The Land's Circulatory System . . . Help Keep those Arteries Clean

The Yampa River in Colorado is in trouble--again!! Though once saved by the efforts of the Sierra Club and others who wish to see one of the western United States' last free flowing rivers remain free, once again mineral and farming interests are seeking to dam or divert this wonderful and beautiful (and rare) free-flowing river.

(Yampa River in Peril)

Though some of this nations rivers are in better shape than they were fifty years ago, as rivers on fire are not so common as they were in those days, their are still threats to the health and purity of this countries once pure and clean waterways.

(River on fire story)

Please write to the appropriate regulatory authorities and representatives to congress to save the Yampa, and to call for the restoration of our nations waters, as well as to pressure foreign governments to preserve and restore their rivers and lakes.

Sunday, June 21, 2009

Contrast: Elections Stolen in US, A Few People Complain; Election Stolen in Iran . . .

I cannot help but notice the irony of the recent protests in Iran over fraud in their national election, in comparison to the relatively weak response here in the supposed land of the free when two presidential elections in a row were stolen (2000 & 2004).

In Iran, hundreds of thousands pour onto the streets to protest their fraudulent election . . .


And here in the states? A few cities had some small protests after the obvious frauds of the 2000 and 2004 elections, and at least one of these was brutally and illegally halted. Below, some footage of one of a few significant protests after the fraudulent 2000 presidential election. Police brutally arrest a number of Bard College students peacefully marching the day after.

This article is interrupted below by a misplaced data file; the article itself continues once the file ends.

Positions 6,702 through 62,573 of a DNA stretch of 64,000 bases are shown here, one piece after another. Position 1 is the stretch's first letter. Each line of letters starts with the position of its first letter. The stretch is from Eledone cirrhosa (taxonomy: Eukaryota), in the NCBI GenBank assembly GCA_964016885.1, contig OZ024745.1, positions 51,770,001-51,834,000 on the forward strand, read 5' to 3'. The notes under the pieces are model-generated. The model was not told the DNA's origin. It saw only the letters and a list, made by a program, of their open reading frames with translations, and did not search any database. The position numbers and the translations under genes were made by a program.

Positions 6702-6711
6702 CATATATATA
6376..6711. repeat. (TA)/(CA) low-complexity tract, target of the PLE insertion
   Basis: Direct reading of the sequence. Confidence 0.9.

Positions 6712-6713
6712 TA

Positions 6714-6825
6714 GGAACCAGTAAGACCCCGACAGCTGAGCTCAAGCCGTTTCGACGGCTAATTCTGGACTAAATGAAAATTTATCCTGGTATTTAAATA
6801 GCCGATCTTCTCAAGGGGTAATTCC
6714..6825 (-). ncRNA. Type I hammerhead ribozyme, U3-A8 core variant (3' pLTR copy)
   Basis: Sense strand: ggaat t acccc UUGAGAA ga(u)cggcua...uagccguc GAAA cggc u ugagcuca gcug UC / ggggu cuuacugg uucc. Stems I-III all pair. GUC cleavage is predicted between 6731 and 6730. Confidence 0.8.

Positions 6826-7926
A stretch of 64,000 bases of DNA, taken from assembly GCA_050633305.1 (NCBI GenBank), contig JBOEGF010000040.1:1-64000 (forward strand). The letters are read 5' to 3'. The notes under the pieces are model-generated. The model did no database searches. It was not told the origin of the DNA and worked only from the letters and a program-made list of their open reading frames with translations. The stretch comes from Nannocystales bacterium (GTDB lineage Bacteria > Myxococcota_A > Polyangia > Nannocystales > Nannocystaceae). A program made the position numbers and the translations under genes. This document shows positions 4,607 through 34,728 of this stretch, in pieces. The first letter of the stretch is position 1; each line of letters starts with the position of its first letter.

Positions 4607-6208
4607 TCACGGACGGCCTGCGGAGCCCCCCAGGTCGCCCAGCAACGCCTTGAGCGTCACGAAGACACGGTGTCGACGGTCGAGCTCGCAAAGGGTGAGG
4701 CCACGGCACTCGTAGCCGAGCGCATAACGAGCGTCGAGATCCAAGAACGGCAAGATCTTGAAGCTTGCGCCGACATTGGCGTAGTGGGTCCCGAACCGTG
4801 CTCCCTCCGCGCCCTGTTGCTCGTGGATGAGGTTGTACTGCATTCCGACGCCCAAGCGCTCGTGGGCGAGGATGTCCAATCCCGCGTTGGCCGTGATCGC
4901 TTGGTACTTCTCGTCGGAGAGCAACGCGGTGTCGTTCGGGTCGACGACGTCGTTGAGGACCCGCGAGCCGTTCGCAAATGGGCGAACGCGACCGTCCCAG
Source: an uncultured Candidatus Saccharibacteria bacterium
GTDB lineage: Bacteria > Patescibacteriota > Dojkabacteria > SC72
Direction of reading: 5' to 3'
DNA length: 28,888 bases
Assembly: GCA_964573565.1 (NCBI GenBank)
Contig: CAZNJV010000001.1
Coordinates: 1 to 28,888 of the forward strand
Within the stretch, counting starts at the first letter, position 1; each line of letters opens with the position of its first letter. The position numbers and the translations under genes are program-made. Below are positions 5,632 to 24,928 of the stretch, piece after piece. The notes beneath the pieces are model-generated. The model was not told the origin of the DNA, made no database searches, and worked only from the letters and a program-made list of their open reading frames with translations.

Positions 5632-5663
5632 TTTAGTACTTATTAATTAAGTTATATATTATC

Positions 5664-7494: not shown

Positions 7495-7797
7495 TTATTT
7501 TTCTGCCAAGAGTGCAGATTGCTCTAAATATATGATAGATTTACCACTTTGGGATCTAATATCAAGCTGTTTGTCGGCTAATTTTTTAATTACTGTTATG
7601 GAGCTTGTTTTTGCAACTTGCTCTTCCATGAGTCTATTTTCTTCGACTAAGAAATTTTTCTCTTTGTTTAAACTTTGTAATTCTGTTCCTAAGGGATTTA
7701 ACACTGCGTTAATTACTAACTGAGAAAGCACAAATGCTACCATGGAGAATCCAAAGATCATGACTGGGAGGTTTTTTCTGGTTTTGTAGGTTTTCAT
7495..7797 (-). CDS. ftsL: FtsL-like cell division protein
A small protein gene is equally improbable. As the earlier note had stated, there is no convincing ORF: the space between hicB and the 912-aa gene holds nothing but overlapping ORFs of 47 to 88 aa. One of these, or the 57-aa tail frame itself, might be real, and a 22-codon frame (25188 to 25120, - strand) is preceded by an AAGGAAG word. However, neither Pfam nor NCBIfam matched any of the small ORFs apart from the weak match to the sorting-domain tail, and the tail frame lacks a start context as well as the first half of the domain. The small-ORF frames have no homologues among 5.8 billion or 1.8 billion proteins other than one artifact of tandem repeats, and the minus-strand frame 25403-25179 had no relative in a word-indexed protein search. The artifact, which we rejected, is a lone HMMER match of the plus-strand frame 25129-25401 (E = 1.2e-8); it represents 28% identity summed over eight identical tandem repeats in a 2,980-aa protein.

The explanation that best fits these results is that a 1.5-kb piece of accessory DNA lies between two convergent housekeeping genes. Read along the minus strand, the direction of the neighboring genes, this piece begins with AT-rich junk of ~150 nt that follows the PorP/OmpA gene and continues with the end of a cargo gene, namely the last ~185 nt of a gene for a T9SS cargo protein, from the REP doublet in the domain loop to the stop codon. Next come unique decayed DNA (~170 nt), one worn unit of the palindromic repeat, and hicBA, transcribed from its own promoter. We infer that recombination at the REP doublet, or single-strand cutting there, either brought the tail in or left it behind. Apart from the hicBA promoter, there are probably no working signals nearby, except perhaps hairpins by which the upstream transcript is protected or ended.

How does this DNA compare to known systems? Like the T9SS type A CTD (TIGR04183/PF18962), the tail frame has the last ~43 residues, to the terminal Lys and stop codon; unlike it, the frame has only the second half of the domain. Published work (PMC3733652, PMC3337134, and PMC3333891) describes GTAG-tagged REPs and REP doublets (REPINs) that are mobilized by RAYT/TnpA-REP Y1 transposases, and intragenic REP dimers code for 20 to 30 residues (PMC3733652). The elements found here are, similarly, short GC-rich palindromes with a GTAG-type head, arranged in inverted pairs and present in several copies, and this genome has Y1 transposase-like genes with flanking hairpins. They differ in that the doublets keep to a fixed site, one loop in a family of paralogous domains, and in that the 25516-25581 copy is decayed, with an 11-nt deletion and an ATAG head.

Yeah, in comparison to many other places in this world these days, the United States is neither the land of the free nor the home of the brave . . . with a few exceptions.

Friday, June 19, 2009


Religion is one of those most contentious issues globally, an issue that spawns wars, and regardless of attempts to maintain otherwise in many increasingly (overtly) secular societies, religions are an underlying cause of a majority of largescale conflicts globally.

I was at one time a Christian minister--Southern Baptist. I found some semblance of community and some degree of friendship amongst those I came to know in the context of church life. Now I must add, these associations and friendships and community connections do not compare to the honest and true friendships I made over several years of wandering amongst hippie circuits, smoking bowls of nuggets or shwag with numerous "strangers" across the country, dancing ecstatically to jam bands, and spending time in the wilderness with dready-headed, mohawk sporting, flowy-skirt-wearing freaks and unshaven sexy hippie mommas. Nonetheless, at a time in my life when I was in need of friendship and support, some sort of spiritual impetus, etc., "conventional religion" provided a modicum of these things. It was whilst studying at a Baptist university, however, that I came to realize something didn't quite add up with the evangelical (or Christian in general) version of life and death. The Judeo-Christian-Islamic traditions were all hiding something--their origins in the ancient religion of India (see posts entitled, "The Hidden Origins of the West" and "One, Two, Three, What Are We Fighting For?").